Why Is Wine Important?

Why Is Wine Important?

I drink a lot of beer, that’s the honest truth - when I get home from a hard day's work - I reach for: a can of tasty tasty craft ale. Even typing about it makes me want to grab a nice cold frothy to pass the time while I muse about ‘not wine’.

Seems like an odd way for me to kick start my first ‘wine musing’ blog post on here - but we’ve always been about truth, authenticity and the like; so I thought I’d start with a brutal fact: it takes a lot of beer to make good wine.

Ignoring for a second how ironic it is to be writing a wine blog and admitting to such an outwardly hedonistic pleasure (like drinking Barolo on a regular isn’t hedonistic) - it got me thinking: if beer is so delicious; why have I dedicated my life to the pursuit of wine? Why is wine even important? 

To start with: the plethora of brands and their constantly growing narratives leaves this particular millennial, having been raised on Pokémon & Digimon, Pog & Tazos (even had a brief dabble with Beyblades) - literally wanting to collect them all. Which is inherently folly, as the world of wine is expanding at an exponential rate; I'll either die of liver failure or end up broke and penniless (hopes tied to crypto) before I’d even reach the inaccessible pricey heights of Burgundy these days. 

Secondly, it’s tasty. There are few crafted beverages that convey a sense of satisfaction than those carefully prepared from the humble grape. Beer getting you bloated? Try wine. Spirits hit you harder than a sledgehammer? Try wine. Cider going down like razor blades? Yep: Wine. Wine sometimes is simply the better option. 

It’s the third reason that I feel wine is so important, and the reason I dedicate almost every waking hour to it’s promotion, growth and diversity: I feel a sense of belonging when I consume it.

Ok - I might have just lost you with that dose of philosophy but bear with me. Every single bottle of wine is tied to a time and a place. It’s a culturally loaded and expressive beverage that beckons you with its inherent approachability - almost as if it’s begging to ‘tell me a story’ and I’m listening. 

Thinking about it now; it’s hard to find any other food in general that gives as granular a sense of belonging to a time and a place as wine. Perhaps whisky (or whiskey) - although the impact of barrel maturation, its prior seasoning and filling and varying mash bills speaks volumes of the artistry and manipulative impact rather than a specific time and place. Arguably; brandy (and its high-brow cousins Cognac and Armagnac) would be a more fitting representation of a spirit speaking of a time and a place (cue whisky trolls) - but isn’t that simply wine distilled?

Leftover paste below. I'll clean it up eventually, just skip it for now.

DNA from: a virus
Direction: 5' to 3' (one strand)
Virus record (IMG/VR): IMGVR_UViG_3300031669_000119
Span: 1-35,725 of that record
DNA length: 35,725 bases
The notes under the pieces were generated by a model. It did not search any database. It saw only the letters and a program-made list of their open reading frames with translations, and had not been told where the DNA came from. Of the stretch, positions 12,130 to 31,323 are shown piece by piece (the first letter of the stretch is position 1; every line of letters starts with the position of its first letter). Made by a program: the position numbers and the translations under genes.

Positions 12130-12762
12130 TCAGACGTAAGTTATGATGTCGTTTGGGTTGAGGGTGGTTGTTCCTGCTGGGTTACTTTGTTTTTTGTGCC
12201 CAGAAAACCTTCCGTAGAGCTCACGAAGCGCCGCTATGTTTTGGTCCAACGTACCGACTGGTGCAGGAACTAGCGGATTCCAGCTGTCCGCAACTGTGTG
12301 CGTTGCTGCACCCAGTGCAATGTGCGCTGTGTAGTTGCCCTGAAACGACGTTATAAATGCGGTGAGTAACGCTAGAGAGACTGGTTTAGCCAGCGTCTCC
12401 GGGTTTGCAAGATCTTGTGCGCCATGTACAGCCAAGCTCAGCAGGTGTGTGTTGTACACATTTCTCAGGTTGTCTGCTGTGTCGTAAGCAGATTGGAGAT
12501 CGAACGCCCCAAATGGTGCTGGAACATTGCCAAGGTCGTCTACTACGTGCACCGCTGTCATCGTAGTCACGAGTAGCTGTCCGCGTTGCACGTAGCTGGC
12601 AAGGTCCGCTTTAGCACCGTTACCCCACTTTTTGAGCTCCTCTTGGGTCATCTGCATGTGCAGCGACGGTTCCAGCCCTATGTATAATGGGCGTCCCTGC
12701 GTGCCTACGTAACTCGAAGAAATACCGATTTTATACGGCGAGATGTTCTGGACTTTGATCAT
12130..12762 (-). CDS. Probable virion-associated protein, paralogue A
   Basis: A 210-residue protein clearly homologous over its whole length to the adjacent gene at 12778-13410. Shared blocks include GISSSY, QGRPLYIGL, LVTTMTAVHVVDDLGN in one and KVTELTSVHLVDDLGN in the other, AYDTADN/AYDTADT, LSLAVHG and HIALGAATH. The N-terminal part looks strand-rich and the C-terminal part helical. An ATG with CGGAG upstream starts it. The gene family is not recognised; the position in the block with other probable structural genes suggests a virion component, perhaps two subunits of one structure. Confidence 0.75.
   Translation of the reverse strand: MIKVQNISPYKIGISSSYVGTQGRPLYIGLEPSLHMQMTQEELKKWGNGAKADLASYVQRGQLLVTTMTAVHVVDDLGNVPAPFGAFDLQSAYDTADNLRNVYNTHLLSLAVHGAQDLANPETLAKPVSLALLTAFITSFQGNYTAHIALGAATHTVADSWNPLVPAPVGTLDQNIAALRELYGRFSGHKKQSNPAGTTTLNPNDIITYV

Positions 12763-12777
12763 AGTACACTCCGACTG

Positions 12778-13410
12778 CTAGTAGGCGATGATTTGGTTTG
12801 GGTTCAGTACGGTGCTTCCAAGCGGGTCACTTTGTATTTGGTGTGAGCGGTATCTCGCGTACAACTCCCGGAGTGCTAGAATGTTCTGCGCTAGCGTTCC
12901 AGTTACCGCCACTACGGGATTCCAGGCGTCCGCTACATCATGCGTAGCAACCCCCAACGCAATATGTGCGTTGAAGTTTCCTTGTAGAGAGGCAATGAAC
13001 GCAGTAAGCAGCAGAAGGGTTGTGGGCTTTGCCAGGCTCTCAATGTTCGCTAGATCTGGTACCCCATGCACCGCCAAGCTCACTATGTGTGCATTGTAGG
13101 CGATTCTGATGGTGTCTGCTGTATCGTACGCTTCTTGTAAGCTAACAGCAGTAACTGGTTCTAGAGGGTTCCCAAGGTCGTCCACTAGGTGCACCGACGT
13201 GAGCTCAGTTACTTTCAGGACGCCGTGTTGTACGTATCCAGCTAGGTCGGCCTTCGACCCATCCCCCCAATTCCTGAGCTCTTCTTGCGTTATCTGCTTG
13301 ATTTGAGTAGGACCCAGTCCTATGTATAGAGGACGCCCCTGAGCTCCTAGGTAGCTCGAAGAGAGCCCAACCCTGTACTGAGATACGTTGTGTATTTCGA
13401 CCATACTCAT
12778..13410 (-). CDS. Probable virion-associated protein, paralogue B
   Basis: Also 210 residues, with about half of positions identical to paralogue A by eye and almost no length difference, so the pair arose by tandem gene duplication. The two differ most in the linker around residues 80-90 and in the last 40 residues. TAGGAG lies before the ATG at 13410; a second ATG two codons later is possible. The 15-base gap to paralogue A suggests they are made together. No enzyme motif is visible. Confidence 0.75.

As a young winemaker I fell into the trap of thinking that ‘grapes come on trucks’ - indicative of being obsessed with technique over terroir. At this point in my wine journey I was more concerned about whether or not wines had undergone carbonic maceration, endured battonage or spent time in large (or small) format oak. Who cares about soil anyway? That’s all just marketing fluff to sell wine crafted by hard working cellar hands - a product of technique, blood, sweat and beers (never tears). 

Well, that was until I encountered Cannubi. 

For the uninitiated - Cannubi is a single vineyard in Barolo - one of the most revered places to grow wine grapes in the world. The grape was Nebbiolo, the year was 2015, the vintage was 2008. The producer? It didn’t matter: and that’s the point, the producer didn’t matter.

It literally doesn’t matter if you’re Brezza, Chiara Boschis, Damilano, Ceretto, Paolo Scavino or Rinaldi - they all approach this vineyard in different ways; and the result: tastes almost identical - robust, blue-fruited, violet-driven, dense with succulent beautifully chiselled tannins. The result is so intense; even a layman would pick the difference in a blind tasting. This blew my mind - even after visiting the producers, it was clear that the combination of a super-expressive variety on a hallmark site such as this means it largely doesn’t matter how you craft it, it matters where and what you’re crafting it from. 

Notwithstanding a penchant for terroir; the moment this dawned on me - an entirely new world opened up. In particular, another form of belonging: to a community enthralled with the pursuit of soil-borne beverages. It brought me back to Australia and set me on a path to explore what Australian terroir might be - as silly as it may sound: we’re a nation of beer drinkers after all - but I think a perfectly crafted wine might actually be the most Australian thing I could help bring into this world. 

After all, we craft wine from a place such as the Riverland - and in this sense; we’re a part of an amazing crew of winemakers all seeking to prove the same point that Cannubi does with remarkable clarity - and I’ll repeat it for you: it doesn’t really matter how it matters where and what

Sure: beer is great; it’s all about conviviality - with some notable exceptions (ahem: farmhouse ales, saisons, many sours) - although a distinct connection to land is lost. But that’s not why beer exists (to me anyway). 

It exists to quench the thirst of a person on a mission to discover the secrets that soils are begging to give...

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